There are plenty of insights, anecdotes and even a rare gameshow appearance by the man who topped the famous fest.
Though there’s no Rosebud at the center of “Gilles Jacob: Citizen Cannes,” there are plenty of insights, anecdotes and even a rare gameshow appearance by the man who topped the famous fest for more than two decades, and continues to exert an almost Godfatherly presence over the Croisette. Tracing his origins as a French Jew forced to hide during the war up to his red-carpet greetings with cinema’s biggest and brightest stars, Serge Le Peron’s entertaining portrait of a complex showbiz player should find fest and ancillary echoes following its preem at — quelle surprise — Cannes.
While Jacob is mostly seen today as the impeccably mannered gentleman kissing the likes of Angelina Jolie or Sharon Stone as they mount the Palais des Festivals’ red steps, his past is actually much less about celebrities than about the movies themselves.
Born in 1930 to middle-class Jewish entrepreneurs, he escaped the Nazi death camps by hiding out in a Catholic seminary — a story similar to that of Louis Malle’s “Au revoir les enfants” (clips of which are featured), and which Jacob admits gave him a paranoid sense of reality where “if everything’s going right, that means something’s going wrong.”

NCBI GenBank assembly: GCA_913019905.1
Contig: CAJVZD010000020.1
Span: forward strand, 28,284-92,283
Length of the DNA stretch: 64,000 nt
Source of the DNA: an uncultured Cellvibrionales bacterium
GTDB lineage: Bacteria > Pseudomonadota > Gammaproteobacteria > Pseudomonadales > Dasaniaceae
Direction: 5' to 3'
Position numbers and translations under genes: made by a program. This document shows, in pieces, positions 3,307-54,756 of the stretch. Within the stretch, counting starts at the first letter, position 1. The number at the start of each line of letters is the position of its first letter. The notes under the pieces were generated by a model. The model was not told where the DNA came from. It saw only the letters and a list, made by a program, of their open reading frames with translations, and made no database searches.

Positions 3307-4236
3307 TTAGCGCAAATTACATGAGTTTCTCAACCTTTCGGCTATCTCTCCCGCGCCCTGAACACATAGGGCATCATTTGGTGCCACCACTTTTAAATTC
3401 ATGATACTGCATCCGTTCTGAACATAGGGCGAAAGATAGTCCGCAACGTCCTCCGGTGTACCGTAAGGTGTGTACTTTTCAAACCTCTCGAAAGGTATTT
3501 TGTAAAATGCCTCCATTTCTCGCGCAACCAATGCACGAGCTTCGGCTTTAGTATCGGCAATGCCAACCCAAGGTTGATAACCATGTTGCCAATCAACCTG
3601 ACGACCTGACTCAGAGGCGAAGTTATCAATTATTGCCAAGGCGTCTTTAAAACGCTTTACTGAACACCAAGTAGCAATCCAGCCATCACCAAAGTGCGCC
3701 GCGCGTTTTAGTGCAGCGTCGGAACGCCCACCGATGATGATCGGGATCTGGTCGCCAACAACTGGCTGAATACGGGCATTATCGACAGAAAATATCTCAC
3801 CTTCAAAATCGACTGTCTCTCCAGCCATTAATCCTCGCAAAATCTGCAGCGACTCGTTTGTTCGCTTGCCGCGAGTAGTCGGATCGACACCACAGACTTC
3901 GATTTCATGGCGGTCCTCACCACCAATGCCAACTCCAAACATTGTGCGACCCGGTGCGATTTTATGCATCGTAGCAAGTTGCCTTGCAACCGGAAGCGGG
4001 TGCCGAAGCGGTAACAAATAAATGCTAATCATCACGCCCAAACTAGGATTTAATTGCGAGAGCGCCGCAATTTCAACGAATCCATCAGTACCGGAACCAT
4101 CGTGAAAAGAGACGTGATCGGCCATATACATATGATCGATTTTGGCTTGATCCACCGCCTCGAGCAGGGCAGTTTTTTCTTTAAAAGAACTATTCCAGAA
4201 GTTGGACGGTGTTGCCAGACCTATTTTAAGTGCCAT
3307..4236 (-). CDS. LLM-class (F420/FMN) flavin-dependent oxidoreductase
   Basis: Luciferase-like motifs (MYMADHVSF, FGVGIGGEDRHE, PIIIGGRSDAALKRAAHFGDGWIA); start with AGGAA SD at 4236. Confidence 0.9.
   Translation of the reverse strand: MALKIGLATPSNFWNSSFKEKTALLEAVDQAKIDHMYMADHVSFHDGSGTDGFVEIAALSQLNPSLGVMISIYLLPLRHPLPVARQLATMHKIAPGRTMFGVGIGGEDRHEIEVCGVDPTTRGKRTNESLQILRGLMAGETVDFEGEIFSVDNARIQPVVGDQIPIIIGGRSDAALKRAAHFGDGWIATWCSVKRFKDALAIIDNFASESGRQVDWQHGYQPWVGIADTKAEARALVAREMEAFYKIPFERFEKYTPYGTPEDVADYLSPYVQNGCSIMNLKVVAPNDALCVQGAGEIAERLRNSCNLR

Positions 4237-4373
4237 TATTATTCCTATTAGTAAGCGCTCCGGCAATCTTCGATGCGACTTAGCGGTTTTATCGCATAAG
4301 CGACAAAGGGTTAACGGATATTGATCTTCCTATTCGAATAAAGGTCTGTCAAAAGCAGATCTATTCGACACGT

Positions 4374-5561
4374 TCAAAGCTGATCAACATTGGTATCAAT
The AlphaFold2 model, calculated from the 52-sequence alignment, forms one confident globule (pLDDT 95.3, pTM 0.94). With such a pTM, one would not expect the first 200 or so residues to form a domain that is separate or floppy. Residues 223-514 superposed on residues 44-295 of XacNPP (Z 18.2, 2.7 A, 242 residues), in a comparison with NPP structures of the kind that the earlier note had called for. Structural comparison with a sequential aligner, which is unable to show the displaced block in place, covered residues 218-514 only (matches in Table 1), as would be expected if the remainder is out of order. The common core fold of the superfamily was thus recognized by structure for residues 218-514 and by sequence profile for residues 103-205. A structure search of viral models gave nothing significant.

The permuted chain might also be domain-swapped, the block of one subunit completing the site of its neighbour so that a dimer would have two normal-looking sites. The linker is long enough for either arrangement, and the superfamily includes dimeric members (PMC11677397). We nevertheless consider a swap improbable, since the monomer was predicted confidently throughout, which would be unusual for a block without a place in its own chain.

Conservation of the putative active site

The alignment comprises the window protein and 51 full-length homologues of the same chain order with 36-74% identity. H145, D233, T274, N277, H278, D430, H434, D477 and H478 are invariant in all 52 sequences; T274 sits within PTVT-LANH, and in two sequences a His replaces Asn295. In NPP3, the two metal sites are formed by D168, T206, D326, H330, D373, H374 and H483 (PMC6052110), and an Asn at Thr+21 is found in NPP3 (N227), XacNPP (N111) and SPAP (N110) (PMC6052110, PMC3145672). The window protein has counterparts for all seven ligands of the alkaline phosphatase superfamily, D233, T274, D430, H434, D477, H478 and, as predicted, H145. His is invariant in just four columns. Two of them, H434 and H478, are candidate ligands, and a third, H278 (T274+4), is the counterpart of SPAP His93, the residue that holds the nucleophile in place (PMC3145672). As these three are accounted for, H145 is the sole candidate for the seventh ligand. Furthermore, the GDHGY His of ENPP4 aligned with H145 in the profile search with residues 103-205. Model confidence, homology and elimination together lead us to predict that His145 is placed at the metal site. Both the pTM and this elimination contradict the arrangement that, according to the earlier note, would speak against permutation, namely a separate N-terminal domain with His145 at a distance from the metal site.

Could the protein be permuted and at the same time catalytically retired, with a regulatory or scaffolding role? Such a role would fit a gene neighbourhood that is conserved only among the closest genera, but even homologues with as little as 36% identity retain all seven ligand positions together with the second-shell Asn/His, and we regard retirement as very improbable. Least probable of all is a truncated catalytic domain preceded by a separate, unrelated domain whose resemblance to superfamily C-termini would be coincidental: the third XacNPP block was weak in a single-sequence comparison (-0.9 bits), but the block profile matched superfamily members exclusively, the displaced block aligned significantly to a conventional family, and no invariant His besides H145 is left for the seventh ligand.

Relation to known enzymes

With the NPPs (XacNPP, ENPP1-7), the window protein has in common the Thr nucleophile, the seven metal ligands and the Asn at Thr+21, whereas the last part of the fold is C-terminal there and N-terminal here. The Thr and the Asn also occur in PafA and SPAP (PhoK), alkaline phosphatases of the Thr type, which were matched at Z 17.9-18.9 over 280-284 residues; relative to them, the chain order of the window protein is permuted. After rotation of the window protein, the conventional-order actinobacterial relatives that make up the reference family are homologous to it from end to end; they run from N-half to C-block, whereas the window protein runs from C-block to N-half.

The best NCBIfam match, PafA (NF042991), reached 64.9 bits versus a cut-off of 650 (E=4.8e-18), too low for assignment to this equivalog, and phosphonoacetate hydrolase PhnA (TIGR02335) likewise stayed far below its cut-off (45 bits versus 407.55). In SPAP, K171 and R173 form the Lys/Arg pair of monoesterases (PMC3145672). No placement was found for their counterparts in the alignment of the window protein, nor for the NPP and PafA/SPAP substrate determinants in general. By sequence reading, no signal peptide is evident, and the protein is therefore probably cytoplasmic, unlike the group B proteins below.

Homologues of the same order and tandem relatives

Back in Paris after the war, he was high school classmates with future New Wave helmer Claude Chabrol — whose wisecracking appearance is one of several amusing cameos in a docu that’s chockfull of cinema’s elite, including Croisette faves Quentin Tarantino and Pedro Almodovar.
A passion for movies hit both Jacob and Chabrol early on, and in the late ’40s, Jacob quickly starting writing and editing his own film-review quarterly, Raccords, which published some of the first pieces by then-tyro critic Francois Truffaut. Later, Jacob became the top reviewer at French weekly L’Express, before being fired in 1975 for his scathing critique of softcore arthouse phenomenon “The Story of O.”
A Cannes regular since the ’60s, Jacob would succeed topper Maurice Bessy in 1978, gradually transforming what was already a major film-world event into the be all and end all of film festivals. He opened up the fest to emerging talents, inviting helmers like Wim Wenders and Emir Kusturica into competition and creating the Camera d’Or prize for first feature, followed by the Cinefondation program for student films. He also presided over the construction of the massive Palais (correctly nicknamed “the Bunker” by the French press), which would be the mothership housing the fest’s constantly expanding selection.
Among the dozens of clips, interviews and glimpses into Jacob’s side activities as a film biographer, amateur photographer and documentary filmmaker, one of the most revealing is his 1957 TV appearance on the French quiz show “The Jackpot.” Ever the sly perfectionist, Jacob answers one question after another with the savvy of a professional poker player who never shows all his cards at once.
To give punch to the pic, Le Peron (a former critic himself) inserts clever chapter headings with animated titles, backing things with an upbeat score by Patrick Sigwalt. Other tech contributions are standard.